Arts Go South?

Well, last week was the week that city council was supposed to vote on the resolution that could be the first step toward getting a major new performing arts center on the southern shores of Town Lake. The resolution called for the city manager to negotiate a long-term lease of Palmer Auditorium to a local nonprofit, Greater Austin Performing Arts Center, which would then pursue the renovation of the Great Turtle of the Colorado into the local equivalent of Lincoln Center. But despite a hefty turnout of both supporters and opponents in council chambers and some serious discussion about the impact of the resolution, the council opted not to vote as scheduled. The earliest the matter could be reconsidered is two weeks, but the delay could be even longer, so don't hold your breath in the hopes that it might persuade our municipal leaders to "PAC Up the Turtle" or whatever you want them to do. Won't happen.

But while there's no news on Palmer's fate, that doesn't mean there's no news at all about the current local move toward more culture in South Austin. This column has been remiss in reporting two recent purchases by major cultural institutions in the country once known as Bubba-land. Back in January, Texas Folklife Resources, the folks who make it their duty to document, present, and preserve the folk arts and traditional culture of our fine state, bought a home for themselves. The address is 1317 South Congress, which not only gives them a pretty view of the Capitol, but it makes them neighbors of the Continental Club, which is bound to come in handy at some point. The 3,300-sq.-ft. building dates back to the Thirties and requires some renovation, but restoration specialist Gregory Free and architects Sinclair Black and Henry Panton are on the case, helping to modify the building to TFR's needs.

Scarcely a week after the Folklife folks announced its purchase, Austin Lyric Opera came forward with the news that it too had bought a home in South Austin. ALO snagged the former Barton Springs Bar and Grill at 901 Barton Springs Road for its new headquarters, rehearsal space, and community music school, this last being the first of its kind in the state. The onetime restaurant boasts 18,000 sq. ft., which will give the company plenty of room for administrative offices and still allow it some 5,000 sq. ft. in which to rehearse productions. This part of the building will be named the Ducloux Rehearsal Center in memory of ALO's founding music and artistic director Walter Ducloux, who died last year. ALO estimates that it will need $2 million to cover the costs of renovating the building, but it says that it has over half that amount already raised. It expects to be able to move into its new home in April of next year.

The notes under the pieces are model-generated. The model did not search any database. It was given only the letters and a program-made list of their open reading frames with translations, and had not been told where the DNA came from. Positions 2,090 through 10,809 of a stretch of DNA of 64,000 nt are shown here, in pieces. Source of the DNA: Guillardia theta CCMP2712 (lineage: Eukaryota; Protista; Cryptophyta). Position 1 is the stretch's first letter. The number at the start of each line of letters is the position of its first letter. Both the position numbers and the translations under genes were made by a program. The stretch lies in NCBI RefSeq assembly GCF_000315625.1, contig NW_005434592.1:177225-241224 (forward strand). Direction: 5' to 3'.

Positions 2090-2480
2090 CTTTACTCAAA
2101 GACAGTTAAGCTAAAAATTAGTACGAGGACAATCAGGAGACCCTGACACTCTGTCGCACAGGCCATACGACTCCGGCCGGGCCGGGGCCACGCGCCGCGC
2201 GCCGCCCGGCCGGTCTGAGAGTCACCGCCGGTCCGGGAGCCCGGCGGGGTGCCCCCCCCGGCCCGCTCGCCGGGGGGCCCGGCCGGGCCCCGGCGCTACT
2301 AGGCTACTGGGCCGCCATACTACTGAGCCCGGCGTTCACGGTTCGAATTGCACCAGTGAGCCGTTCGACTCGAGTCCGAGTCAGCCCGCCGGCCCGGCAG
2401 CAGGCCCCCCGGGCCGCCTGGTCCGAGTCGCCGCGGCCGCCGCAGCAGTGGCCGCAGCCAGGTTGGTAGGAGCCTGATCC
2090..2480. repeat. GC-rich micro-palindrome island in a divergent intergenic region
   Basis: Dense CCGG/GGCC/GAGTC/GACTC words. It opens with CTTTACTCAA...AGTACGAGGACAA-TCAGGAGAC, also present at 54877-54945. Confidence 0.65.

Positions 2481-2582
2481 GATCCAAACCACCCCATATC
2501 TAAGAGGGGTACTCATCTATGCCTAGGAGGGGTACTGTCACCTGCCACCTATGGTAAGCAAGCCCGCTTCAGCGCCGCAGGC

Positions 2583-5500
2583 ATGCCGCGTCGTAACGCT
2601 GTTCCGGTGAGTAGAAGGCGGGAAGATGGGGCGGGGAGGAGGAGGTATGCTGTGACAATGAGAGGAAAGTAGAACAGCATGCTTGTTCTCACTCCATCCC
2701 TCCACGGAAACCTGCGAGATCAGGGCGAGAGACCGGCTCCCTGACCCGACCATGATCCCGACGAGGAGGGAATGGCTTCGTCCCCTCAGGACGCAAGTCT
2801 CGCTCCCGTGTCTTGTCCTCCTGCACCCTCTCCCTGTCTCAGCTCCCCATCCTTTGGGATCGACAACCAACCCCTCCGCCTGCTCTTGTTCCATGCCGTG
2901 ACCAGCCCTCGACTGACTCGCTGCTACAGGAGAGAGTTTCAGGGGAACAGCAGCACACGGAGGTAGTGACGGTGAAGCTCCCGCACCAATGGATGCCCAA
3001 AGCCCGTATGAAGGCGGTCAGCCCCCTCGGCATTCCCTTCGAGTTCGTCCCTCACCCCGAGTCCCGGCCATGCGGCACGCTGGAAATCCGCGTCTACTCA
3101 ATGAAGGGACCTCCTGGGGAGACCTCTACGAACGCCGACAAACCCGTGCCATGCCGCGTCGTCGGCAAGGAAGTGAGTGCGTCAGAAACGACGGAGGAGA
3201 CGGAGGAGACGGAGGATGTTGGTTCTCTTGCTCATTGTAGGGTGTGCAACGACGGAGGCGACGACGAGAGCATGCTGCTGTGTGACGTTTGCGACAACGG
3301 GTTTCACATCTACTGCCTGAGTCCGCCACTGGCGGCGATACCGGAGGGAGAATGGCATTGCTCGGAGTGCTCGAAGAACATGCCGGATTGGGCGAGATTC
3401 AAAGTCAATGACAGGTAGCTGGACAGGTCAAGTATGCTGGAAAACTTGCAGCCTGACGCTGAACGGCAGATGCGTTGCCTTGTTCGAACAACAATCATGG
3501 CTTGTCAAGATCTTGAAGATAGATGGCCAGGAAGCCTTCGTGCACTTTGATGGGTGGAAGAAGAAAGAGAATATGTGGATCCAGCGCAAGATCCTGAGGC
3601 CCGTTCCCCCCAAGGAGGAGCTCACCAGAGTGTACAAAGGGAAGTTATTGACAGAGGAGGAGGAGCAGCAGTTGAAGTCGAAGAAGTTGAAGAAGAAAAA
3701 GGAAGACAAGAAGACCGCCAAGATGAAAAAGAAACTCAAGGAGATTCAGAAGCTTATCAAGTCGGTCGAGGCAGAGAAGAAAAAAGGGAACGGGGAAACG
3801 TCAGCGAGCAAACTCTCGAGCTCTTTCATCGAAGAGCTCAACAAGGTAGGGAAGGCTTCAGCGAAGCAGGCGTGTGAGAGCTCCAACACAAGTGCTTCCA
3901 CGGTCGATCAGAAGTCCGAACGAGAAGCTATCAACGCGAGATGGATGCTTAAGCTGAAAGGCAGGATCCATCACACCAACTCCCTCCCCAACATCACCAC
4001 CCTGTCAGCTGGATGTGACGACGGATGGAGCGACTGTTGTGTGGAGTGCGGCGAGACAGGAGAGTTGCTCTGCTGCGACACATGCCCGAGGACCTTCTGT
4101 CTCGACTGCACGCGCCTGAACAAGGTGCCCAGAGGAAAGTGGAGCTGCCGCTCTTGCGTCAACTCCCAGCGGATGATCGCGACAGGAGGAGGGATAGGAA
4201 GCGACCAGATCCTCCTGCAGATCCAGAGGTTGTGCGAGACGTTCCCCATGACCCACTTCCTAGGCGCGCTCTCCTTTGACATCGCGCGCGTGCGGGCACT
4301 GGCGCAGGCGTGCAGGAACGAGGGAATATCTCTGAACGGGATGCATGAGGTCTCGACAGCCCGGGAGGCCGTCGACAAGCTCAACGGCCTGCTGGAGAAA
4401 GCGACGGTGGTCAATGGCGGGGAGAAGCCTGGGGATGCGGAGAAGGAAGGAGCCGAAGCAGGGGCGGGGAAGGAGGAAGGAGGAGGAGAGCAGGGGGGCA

No Treasure This Year

Arr, matey, stow away the parrot and the peg leg; ye won't be sailing with Long John Silver this season (outside a fast-food joint anyhow). Austin Theatre for Youth, which had scheduled Treasure Island as its final show this season, has postponed the production. The company had been set to run an adaptation of the Robert Louis Stevenson novel May 1-10 at the McCallum Fine Arts Academy Theatre, but something about the size of that venue apparently didn't fit this project. Executive Committee member Melanie Barnes is quoted as saying "the Board feels it is best to relocate the production to a more suitably sized facility." Call 459-7144 for more info.

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More Articulations
The Harry Ransom Center has acquired all the professional and personal materials of profoundly influential acting teacher Stella Adler

Robert Faires, April 30, 2004

It's the end of an era for the city of Austin's Art in Public Places Program as Martha Peters, administrator of the program for 11 of its 18 years, departs to direct a public art program in Fort Worth.

Robert Faires, July 18, 2003

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